A few months ago I had a posting about Muro-ji but never gave a moment to talk about what I thought was in some ways even more impressive than the temple itself, despite the 10-year restoration it recently went through to recover from damage by the huge typhoon back in 1998. Of particular interest to me was the caretaker’s house at Muro-ji, a grand and beautiful example of an Edo-Period homestead in the country.
Of course Muro-ji and the nearby Hase-dera are among the most impressive natural treasures in the area, and Hase-dera ranks among the UNESCO list of World Heritages in Japan. Nevertheless this house struck me as particularly interesting because of the construction materials: Plum wood and maple hashira and hirakaku as well as whole tokobashira from hinoki. Now in Nara these materials have not been available for use as home construction since around 1895, and it was therefore very refreshing to see an old house so beautifully maintained and restored, as though it were the heart of temple site in itself. Because of their deep purple color and shiny well-finished texture, the plum wood beams create a very unique experience inside the house. In addition, the gardens all around were masterfully cared for and most of the stones present were laid there at least 150 years ago, probably more.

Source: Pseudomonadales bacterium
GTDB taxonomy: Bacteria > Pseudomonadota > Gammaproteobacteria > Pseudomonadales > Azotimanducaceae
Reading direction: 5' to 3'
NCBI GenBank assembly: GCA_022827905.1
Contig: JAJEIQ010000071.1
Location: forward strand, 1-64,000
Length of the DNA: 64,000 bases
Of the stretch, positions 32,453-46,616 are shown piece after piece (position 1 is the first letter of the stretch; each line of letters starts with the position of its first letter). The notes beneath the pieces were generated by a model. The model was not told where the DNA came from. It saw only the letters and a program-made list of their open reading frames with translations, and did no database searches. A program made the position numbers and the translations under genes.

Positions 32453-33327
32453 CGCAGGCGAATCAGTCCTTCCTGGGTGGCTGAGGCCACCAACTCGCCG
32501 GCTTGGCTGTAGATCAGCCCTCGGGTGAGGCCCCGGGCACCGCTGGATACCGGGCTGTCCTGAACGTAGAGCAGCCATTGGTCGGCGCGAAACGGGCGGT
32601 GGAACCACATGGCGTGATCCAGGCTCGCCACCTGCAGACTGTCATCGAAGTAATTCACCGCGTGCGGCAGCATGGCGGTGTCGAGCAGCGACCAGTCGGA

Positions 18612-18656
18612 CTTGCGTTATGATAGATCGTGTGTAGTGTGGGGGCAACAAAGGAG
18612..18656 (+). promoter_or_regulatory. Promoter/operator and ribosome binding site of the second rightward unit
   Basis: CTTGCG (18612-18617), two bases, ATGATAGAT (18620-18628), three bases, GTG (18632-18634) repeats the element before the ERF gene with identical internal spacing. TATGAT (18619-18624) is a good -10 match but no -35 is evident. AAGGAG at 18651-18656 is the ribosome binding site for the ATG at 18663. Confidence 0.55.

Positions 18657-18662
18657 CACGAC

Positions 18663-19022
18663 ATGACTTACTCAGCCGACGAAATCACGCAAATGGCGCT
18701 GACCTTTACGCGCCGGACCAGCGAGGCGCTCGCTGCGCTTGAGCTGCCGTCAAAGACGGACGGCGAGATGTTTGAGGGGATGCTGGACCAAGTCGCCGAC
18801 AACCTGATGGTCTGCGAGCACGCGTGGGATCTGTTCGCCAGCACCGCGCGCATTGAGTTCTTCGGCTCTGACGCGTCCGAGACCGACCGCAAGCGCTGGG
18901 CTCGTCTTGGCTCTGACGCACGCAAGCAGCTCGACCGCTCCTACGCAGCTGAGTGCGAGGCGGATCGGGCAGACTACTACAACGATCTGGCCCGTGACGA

With all the wonderful things to see down there, including some pretty amazing, centuries-old woodland hikes, it’s a wonder more people don’t visit there. Kintetsu has made it easier to get there from as far away as Himeji. Basically anyone living in Hyogo or Kyoto will have no trouble getting there by train, but to really have the freedom to move around, rent a car and drive defensively!!
Martin Werner Zander, Partner in the Smith’s School of English
Owner, Smith’s School Kotoen